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Premium Chinese Natural Dried Licorice Root Chips Liquorice Herbal Tea

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Specification: ● Origin: Anhui, China  ● Tea Type: Dried Slice ● Expired Date: 18 Months ● Storage Conditions: Dry, Refrigerated;  ...
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Specification:
● Origin: Anhui, China 
● Tea Type: Dried Slice
● Expired Date: 18 Months
● Storage Conditions: Dry, Refrigerated;
 
 
 
Instruction
 
Liquorice, or licorice, is the root of Glycyrrhiza glabra from which a sweet flavour can be extracted. The liquorice plant is a herbaceous perennial legume native to southern Europe and parts of Asia, such as India. It is not botanically related to anise, star anise, or fennel, which are sources of similar flavouring compounds.
Most liquorice is used as a flavouring agent for tobacco, particularly US blend cigarettes, to which liquorice lends a natural sweetness and a distinctive flavour and makes it easier to inhale the smoke by creating bronchodilators, which open up the lungs.Liquorice flavours are also used as candies or sweeteners, particularly in some European and Middle Eastern countries. Liquorice extracts have a number of medical uses, and they are also used in herbal and folk medications. Excessive consumption of liquorice (more than 2 mg/kg/day of pure glycyrrhizinic acid, a liquorice component) may result in adverse effects, and overconsumption should be suspected clinically in patients presenting with otherwise unexplained hypokalemia and muscle weakness.
It is a herbaceous perennial, growing to 1 m in height, with pinnate leaves about 7–15 cm (2.8–5.9 in) long, with 9–17 leaflets. The flowers are 0.8–1.2 cm (1⁄3–1⁄2 in) long, purple to pale whitish blue, produced in a loose inflorescence. The fruit is an oblong pod, 2–3 cm (3⁄4–1 1⁄6 in) long, containing several seeds. The roots are stoloniferous.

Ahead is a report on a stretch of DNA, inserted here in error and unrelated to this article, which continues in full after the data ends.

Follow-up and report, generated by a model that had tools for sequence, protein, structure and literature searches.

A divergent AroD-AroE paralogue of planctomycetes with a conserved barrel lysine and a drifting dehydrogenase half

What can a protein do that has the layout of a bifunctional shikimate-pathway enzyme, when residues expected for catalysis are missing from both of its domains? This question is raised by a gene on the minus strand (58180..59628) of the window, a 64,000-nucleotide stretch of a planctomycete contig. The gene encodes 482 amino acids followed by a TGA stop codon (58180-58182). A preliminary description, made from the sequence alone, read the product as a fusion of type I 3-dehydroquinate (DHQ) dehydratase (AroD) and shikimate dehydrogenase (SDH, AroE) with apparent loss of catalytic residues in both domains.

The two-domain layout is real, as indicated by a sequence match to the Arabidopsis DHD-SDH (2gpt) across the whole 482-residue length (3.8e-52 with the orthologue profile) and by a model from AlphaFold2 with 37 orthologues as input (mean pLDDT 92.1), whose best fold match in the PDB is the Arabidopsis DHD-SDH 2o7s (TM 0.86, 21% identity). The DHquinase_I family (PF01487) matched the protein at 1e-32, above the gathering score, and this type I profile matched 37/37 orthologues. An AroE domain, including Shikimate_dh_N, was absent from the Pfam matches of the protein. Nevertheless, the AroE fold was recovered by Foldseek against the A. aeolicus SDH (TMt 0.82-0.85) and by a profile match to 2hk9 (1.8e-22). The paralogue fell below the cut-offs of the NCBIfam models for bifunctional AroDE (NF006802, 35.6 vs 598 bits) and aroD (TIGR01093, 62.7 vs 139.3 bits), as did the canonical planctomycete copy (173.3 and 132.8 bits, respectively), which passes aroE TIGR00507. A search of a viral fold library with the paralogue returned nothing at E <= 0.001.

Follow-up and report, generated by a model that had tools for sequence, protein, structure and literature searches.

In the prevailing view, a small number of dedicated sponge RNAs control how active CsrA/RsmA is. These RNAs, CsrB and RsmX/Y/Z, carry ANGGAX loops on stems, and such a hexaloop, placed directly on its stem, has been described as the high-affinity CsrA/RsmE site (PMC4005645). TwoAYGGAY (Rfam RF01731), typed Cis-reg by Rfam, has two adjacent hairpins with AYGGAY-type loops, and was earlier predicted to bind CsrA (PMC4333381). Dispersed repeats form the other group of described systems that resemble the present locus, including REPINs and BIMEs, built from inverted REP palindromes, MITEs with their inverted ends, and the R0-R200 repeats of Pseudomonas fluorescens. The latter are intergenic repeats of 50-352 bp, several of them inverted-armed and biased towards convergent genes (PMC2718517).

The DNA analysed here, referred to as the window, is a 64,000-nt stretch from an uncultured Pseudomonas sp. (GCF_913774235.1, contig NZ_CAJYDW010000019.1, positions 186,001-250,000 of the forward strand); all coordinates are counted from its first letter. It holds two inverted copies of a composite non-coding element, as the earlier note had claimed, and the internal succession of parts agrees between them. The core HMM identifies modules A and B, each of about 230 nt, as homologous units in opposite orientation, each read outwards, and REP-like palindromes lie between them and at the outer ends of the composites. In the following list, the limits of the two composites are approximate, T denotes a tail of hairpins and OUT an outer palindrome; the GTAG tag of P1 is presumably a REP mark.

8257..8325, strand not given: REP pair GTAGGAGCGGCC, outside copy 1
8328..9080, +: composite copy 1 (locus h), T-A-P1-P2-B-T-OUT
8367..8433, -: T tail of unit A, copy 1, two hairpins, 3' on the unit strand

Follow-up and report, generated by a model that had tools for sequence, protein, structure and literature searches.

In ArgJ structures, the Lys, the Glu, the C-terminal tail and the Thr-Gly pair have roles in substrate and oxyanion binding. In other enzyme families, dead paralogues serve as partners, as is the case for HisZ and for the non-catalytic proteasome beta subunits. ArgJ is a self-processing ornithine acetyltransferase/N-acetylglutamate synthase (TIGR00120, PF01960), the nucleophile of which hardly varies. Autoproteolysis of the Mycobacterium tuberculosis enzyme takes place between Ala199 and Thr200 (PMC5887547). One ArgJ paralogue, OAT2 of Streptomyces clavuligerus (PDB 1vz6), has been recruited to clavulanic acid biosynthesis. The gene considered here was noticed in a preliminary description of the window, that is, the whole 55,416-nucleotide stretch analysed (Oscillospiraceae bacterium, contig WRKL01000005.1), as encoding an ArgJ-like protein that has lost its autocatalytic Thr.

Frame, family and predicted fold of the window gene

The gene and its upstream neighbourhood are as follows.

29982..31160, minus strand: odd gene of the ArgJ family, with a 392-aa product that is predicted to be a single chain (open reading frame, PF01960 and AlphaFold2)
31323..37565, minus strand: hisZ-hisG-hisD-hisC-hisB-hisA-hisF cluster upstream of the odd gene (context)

Liquorice flavour is found in a wide variety of candies or sweets. In most of these candies, the taste is reinforced by aniseed oil so the actual content of liquorice is very low. Liquorice confections are primarily purchased by consumers in the European Union.
In the Netherlands, the liquorice candy (drop) is one of the most popular forms of sweets. It is one of the many forms that are sold contain aniseed. Mixing it with mint, menthol, or laurel is quite popular. Mixing it with ammonium chloride (salmiak) is also popular. The most popular liquorice, known in the Netherlands as zoute drop (salty liquorice), actually contains very little salt, i.e., sodium chloride. The salty taste is probably due to ammonium chloride and the blood pressure-raising effect is due to glycyrrhizin. Strong, salty sweets are popular in Nordic countries.
Pontefract in Yorkshire was the first place where liquorice mixed with sugar began to be used as a sweet in the same way it is in the modern day. Pontefract cakes were originally made there. In County Durham, Yorkshire, and Lancashire, it is colloquially known as 'Spanish', supposedly because Spanish monks grew liquorice root at Rievaulx Abbey near Thirsk.
 
 

Liquorice root chips

Dried sticks of liquorice root
In Italy (particularly in the south), Spain, and France, liquorice is popular in its natural form. The root of the plant is simply dug up, washed, dried, and chewed as a mouth freshener. Throughout Italy, unsweetened liquorice is consumed in the form of small black pieces made only from 100% pure liquorice extract; the taste is bitter. In Calabria a popular liqueur is made from pure liquorice extract.
Liquorice is also very popular in Syria and Egypt, where it is sold as a drink, in shops as well as street vendors. It is used for its expectorant qualities in folk medicine in Egypt.
Dried liquorice root can be chewed as a sweet. Black liquorice contains about 100 calories[dubious – discuss] per ounce (15 kJ/g).
Liquorice is used by brewers to flavour and colour porter classes of beers, and the enzymes in the root also stabilize the foam heads produced by beers brewed with it.
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The Tea Bridge

Chinese Tea Culture

Tea plays an important role in China. It is commonly consumed at social events, and many cultures have created intricate formal ceremonies for these events. Afternoon tea is a British custom with widespread appeal. Tea ceremonies, with their roots in the Chinese tea culture, differ among East Asian countries, such as the Japanese or Korean versions. Tea may differ widely in preparation, such as in Tibet, where the beverage is commonly brewed with salt and butter. Tea may be drunk in small private gatherings (tea parties) or in public (tea houses designed for social interaction).

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